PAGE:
Fijian MP Speaks To CSO Next Gen Leaders
Fijian MP Speaks To CSO Next Gen Leaders On Partnerships for SDGs
Suva, Fiji - Fijian Member of Parliament, Mosese Bulitavu today assured a group of civil society leaders that he will continue to highlight the sector’s key role in supporting and monitoring the implementation of the Sustainable Development Goals in Fiji.
Speaking at the Pacific Islands Association of NGO’s (PIANGO) Next Generation Leadership(NGL) Breakfast on SDGs, Bulitavu said the work carried out by civil society organisations remain an important component of national efforts towards the realisation of SDGs.
Hon Mosese Bulitavu in blue shirt flanked by CSO NGLs and PIANGO staff after the NGL Breakfast on SDGs this morning. (Photo credit: Alanieta Vakatale)
“In this light, we hope that government allows CSOs to also monitor and join the implementation effort especially when it comes to funding the work around achieving the goals.”
“For example, with climate
financing which is tied to Goal 13, Climate Action,
civil society needs to be able to monitor how these
donor funds are being used so that no one is really left
behind,” Bulitavu said.
He called on civil society to continue to work in partnership with governments as well as explore other ways in which communities and people can continue to have a voice and participate in the realisation of the goals nationally.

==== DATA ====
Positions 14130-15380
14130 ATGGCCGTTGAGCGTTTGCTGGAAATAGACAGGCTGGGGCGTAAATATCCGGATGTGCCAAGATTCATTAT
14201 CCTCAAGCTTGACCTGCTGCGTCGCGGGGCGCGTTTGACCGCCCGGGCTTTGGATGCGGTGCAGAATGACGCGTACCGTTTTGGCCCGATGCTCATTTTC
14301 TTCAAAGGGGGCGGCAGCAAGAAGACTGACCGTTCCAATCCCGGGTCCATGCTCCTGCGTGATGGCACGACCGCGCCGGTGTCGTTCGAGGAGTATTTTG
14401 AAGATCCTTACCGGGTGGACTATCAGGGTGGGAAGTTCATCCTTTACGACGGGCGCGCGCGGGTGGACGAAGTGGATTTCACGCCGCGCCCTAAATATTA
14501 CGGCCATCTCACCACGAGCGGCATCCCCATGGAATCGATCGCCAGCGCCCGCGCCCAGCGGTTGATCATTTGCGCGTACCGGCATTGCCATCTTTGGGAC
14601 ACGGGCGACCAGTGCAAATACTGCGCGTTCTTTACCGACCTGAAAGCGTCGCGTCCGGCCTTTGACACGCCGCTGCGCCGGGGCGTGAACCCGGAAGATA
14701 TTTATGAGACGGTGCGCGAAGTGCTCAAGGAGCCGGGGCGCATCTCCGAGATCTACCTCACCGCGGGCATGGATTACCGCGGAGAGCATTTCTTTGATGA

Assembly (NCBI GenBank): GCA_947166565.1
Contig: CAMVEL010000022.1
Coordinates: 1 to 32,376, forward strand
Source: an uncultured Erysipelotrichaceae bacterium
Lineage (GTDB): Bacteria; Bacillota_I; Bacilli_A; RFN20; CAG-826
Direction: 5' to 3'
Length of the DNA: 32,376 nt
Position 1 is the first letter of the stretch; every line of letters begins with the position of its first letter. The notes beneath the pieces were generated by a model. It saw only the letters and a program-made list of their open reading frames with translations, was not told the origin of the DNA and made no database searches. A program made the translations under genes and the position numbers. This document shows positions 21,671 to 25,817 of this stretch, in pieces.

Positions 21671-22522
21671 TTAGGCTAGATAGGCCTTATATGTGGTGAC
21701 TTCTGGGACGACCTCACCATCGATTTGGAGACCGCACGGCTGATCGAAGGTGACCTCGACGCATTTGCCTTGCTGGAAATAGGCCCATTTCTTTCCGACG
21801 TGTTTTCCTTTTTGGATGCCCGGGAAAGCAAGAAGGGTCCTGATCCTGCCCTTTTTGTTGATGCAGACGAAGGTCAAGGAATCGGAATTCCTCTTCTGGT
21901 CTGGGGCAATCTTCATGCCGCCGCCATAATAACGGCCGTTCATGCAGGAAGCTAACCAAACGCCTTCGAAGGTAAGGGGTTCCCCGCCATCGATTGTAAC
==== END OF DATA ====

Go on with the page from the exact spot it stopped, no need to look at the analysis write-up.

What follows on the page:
“Opposition Chambers recognise that civil society has the ability and drawing power to create safe spaces for dialogue with communities on their needs. The result of these dialogues can help policy makers improve so that people who have fallen behind or left out of mainstream government programmes can be included too.”
PIANGO Senior Technical Advisor, Laitia Tamata said while the organisation would have preferred to conduct a one day programme to commemorate the Global Day of Action on SDGs today, they recognised the need to consider the needs of CSO NGLs.
“NGLs for PIANGO refers to those in the civil society sector that stand to inherit leadership or have begun transitioning to leadership roles in NGOs. The concept of a breakfast is an approach we thought would be most convenient to the schedules that this particular cohort is known to have,” he said.
“We target around 20 to 25 NGL every time we organise this because we find that a lot more personal and interactive conversations take place between key speakers and the participants within that informal space about emerging developmental issues.”
Tamata said while attendees were looking forward to hearing from both invited guests; Members of Parliaments; Bulitavu and government MP, Ashneel Sudhakar, only Bulitavu was able to attend the breakfast.
“Mr Sudhakar was unable to join us but this isn’t the last NGL activity we will have. We will certainly try and organise more frequent exchanges and opportunities for peer to peer learning with key political leaders and CSO next generation leaders,” he said.